“We are always interested in connecting donors to organizations and causes that inspire them to give,” said Lisa O'Mara, Community Foundation Vice-President of Donor Engagement. “In this case, we were able to convene donors who expressed interest in growing the understanding and use of solar energy in our region. By exploring the possibilities together and pooling their charitable dollars, their impact will be greater. I know that the donors are excited that their grant will help the school system realize sustainable energy savings and bring additional educational opportunities to students at RPS.”
This initial venture into solar arrays could create more opportunities for clean energy throughout RPS moving forward.
“Our board is committed to upgrading and modernizing our school buildings as outlined in the Facilities Plan,” said Chairman Dawn Page, District 8 School Board representative. “This project will allow us to integrate solar power at some of our schools and study its impact. With a significant number of RPS construction projects on the horizon, this could potentially pave the way for a much more energy efficient and modern RPS facility portfolio, at a long-term savings to the city’s taxpayers.”
District 1 School Board representative, Liz Doerr, who wrote the grant is eager to witness the cost and energy savings that are anticipated from this partnership.
“I am so excited that the School Board voted unanimously to move forward with the RVA Solar Fund and a plan to put solar panels on select Richmond Public Schools, saving the district approximately $2M in energy costs over the next 20 years,” said Doerr. “This is a win-win-win: we save money, we obtain fantastic curriculum and hands-on teaching opportunities in green jobs, and we reduce carbon emissions.”
Learn more about RVA Solar Fund
By Scott Andrews-Weckerly
The Community Foundation is excited to offer a 2020 learning agenda that gives participants relevant skills, supports organizations’ operational excellence, and elevates the day’s most important issues. Here’s a look at what to expect in the first quarter.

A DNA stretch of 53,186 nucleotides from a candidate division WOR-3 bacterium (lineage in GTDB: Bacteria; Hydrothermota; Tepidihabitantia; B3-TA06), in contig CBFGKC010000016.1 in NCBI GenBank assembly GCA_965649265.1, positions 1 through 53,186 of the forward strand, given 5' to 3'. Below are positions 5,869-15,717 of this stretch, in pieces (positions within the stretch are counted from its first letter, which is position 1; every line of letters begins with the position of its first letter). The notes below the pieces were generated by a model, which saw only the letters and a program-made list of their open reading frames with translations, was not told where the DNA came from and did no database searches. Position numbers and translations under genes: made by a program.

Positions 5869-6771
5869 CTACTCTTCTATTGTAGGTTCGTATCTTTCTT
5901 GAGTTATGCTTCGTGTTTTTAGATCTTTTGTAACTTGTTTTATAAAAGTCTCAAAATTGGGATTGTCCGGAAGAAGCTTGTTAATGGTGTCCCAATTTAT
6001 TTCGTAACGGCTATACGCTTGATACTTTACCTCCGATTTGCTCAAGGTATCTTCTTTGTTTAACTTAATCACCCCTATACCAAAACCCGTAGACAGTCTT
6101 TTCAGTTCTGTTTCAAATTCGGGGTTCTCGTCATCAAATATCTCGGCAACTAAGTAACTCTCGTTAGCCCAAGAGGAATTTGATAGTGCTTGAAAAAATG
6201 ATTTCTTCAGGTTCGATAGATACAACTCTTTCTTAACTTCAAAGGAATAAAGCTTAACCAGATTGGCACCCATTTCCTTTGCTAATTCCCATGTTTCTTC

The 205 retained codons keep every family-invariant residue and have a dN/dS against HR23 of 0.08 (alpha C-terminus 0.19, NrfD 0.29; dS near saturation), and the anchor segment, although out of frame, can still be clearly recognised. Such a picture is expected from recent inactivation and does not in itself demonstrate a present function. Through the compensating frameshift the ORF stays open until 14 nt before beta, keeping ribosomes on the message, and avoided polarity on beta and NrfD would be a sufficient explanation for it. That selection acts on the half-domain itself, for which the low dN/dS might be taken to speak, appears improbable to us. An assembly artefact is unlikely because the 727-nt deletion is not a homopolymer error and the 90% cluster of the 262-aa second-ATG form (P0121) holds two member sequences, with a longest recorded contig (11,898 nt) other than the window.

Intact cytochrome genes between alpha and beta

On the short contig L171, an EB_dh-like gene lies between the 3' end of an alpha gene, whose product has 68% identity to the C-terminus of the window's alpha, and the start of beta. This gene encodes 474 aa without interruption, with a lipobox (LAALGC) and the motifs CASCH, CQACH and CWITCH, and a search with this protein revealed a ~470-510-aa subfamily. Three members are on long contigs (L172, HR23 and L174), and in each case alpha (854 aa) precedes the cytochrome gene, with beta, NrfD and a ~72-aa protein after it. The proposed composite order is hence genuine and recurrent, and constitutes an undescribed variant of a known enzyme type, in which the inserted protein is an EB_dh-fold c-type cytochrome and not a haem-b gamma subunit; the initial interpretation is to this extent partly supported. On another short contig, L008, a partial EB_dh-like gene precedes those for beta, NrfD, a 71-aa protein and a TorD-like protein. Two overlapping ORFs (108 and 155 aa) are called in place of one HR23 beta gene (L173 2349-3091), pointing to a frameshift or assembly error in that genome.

On February 4th, we kick off the year with a convening that takes the fear out of data and points nonprofits toward a data-driven mindset. The day’s keynote speaker will be Trina Willard of the Knowledge Advisory Group, who will leave the group affirmed by their organizations’ ability to “own” their story with meaningful data. You will also hear from the Community Foundation’s own Isabel Eljaiek, who has gone from writing grants to working side by side with her nonprofit peers to identify meaningful measures for their own projects. She will take guests through the Foundation’s outlook that data uniquely communicates the impact nonprofit partners make in the community. Michael Parsons of Peter Paul Development Center will follow by sharing his experiences and tips as a frontline practitioner who uses data to refine his practice and boost his agency’s effectiveness every day.
Following a networking lunch, ChildSavers CEO Robert Bolling will offer a C-suite perspective on the ways his agency’s data-driven mindset supports some of Richmond’s most vulnerable youngsters. The day concludes with a speakers’ panel moderated by Robins Foundation’s Tyonka Rimawi, who will remind us all that data is only as important as the ways it supports the wellbeing of actual people. We’re looking forward to such an energizing day, and we can’t wait to welcome nonprofit staff, leaders, and executives.
Next Convening: March 31
The Community Foundation is pleased to hold quarterly nonprofit convenings in 2020, but with an intention to remain nimble and open to emerging needs and topics that are most relevant to our collective work. Please save the date for the next event on March 31st, for which the topic will be announced at a later date.
We are pleased to offer nonprofit staff and leaders a chance to deepen their operational excellence with the following practical courses:
The first quarter of 2020 promises to be one that lifts the work of Richmond’s entire nonprofit system.